Exposure to all aspects of cardiothoracic surgery including general thoracic surgery, adult cardiac surgery, and pediatric cardiac surgery is provided to the thoracic surgical resident. Experience obtained in each of these areas has traditionally far exceeded the requirements of the Residency Review Committee for Thoracic Surgery and the American Board of Thoracic Surgery. In addition, there are multiple didactic programs each week covering the entire scope of the cardiothoracic curriculum. Each thoracic resident is encouraged to participate in one clinical research project per year. The division maintains funds to support the presentation of this research material by the thoracic resident at regional and national meetings
Members of the faculty in Cardiothoracic Surgery are actively involved in both clinical and basic research. The basic lab has had success with multiple presentations and publications in cardiothoracic journals and at national and regional meetings. Previous areas of investigation have included laboratory and clinical studies on myocardial protection, organ donor preservation and management, off pump coronary bypass surgery, esophageal surgery, and lung cancer. The division is involved with the American College of Surgeons Oncology Group and the Southwest Oncology Group. Additionally, the division extends its expertise internationally with collaborative programs in St. Petersburg, Russia, traveling to St. Petersburg at least once a year for the past twelve years.
The Cardiothoracic Surgery Programs at UC Davis encompass the operative and perioperative care as well as critical care of patients with pathological conditions within the chest. Included are the surgical care of coronary artery disease, congenital anomalies of the chest and heart and great vessels, traumatic injuries of the chest, neoplasms of the lung, esophagus, chest wall, mediastinum and deformities of the diaphragm. In addition to traditional operative procedures, minimally invasive and endovascular procedures are included in the residents’ training.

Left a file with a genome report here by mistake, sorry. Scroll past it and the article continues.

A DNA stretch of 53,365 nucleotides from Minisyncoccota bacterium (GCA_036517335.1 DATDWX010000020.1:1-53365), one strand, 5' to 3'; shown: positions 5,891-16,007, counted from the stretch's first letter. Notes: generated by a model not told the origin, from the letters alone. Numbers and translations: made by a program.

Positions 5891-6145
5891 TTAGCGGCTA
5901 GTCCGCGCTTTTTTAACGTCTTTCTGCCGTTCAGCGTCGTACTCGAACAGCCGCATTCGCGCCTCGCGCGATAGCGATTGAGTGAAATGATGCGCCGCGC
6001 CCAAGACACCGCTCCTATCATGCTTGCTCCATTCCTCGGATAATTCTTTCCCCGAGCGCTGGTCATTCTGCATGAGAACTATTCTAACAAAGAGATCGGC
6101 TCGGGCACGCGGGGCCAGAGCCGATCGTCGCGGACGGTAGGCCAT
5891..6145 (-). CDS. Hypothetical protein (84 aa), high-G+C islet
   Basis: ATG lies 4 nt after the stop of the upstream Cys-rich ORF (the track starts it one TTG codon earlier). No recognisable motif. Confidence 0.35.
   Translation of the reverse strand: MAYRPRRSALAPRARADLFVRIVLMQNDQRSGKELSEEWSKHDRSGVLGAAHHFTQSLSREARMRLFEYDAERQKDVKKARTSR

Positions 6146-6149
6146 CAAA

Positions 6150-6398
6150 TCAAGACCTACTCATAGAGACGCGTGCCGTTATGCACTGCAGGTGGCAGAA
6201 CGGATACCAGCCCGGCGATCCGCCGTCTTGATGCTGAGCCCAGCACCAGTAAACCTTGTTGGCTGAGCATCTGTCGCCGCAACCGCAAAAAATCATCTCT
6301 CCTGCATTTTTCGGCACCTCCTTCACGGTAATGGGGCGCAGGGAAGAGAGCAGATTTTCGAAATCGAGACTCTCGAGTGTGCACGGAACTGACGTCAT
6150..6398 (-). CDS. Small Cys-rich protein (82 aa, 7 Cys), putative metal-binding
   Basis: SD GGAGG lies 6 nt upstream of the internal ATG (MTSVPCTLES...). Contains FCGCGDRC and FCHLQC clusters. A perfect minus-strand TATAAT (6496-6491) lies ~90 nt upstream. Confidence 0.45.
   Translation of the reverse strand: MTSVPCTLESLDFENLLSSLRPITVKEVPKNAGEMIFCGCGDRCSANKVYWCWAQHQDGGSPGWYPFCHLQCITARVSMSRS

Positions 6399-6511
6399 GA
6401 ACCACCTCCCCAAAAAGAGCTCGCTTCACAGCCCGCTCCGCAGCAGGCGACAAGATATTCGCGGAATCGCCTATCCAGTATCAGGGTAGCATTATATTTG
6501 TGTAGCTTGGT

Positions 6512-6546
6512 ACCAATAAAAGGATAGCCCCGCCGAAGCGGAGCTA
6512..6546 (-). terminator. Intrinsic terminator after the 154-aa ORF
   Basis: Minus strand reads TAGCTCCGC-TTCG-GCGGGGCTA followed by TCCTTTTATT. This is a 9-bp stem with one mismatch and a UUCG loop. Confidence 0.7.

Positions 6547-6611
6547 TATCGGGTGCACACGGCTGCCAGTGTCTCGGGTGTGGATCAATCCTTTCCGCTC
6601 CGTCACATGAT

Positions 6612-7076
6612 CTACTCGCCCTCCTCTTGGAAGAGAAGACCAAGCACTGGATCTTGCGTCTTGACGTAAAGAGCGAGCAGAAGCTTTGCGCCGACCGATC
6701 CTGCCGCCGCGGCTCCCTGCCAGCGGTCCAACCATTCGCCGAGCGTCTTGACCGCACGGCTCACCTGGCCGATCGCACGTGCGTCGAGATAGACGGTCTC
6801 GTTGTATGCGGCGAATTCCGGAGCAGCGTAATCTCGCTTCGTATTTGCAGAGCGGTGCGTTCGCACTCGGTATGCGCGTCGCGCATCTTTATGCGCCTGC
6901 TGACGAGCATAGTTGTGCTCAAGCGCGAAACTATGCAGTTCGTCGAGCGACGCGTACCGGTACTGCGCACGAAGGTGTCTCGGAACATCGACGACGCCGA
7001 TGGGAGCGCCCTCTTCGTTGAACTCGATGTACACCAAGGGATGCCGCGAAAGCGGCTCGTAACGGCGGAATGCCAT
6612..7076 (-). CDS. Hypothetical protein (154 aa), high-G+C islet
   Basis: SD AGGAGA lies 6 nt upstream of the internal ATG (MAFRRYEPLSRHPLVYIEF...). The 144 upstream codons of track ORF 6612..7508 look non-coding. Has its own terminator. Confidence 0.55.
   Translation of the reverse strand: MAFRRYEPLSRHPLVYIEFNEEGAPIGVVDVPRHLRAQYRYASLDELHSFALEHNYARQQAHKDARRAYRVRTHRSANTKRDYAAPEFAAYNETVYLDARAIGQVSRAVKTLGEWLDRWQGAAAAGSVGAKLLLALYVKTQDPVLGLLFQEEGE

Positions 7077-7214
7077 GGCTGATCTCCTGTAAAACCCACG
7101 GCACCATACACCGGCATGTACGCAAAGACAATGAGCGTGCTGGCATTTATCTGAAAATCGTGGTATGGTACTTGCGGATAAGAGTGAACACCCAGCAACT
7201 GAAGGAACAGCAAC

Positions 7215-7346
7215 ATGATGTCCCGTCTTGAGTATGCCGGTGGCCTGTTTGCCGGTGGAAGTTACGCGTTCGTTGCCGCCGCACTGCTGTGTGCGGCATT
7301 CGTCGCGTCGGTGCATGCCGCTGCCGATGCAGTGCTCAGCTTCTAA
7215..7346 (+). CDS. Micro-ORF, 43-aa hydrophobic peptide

As described above, the program is balanced, offering the three disciplines of cardiothoracic surgery: general thoracic surgery, adult cardiac surgery, and pediatric cardiac surgery. Over 900 major cardiothoracic surgical procedures are performed each year. The intimate size of the program affords one-on-one interaction between residents and faculty. Advanced surgical technology is being offered to patients on a regular basis including ventricular assist devices, robotic adult cardiac surgery, thoracic endovascular aortic repair or TEVAR, VATS lobectomy and navigational bronchoscopy. In addition, UC Davis is a high volume center for complex esophageal disease, with a top Leapfrog Group rating for esophagectomy, the third highest esophagectomy volume in northern California, and the top volume in the Sacramento area.
The Thoracic Surgery Residency Programs (Independent and Integrated) participates in the National Resident Matching Program (NRMP). The Division of Cardiothoracic Surgery grants interviews after an initial screening process. The Thoracic Surgery Training Program participates in the Electronic Residency Application Service (ERAS). If you are applying for the Thoracic Surgery Residency, it is listed through ERAS under AAMC ID: 1046460F0 (Independent) and AAMC ID: 4610546105 (Integrated). For more information visit the NRMP Specialty Match website.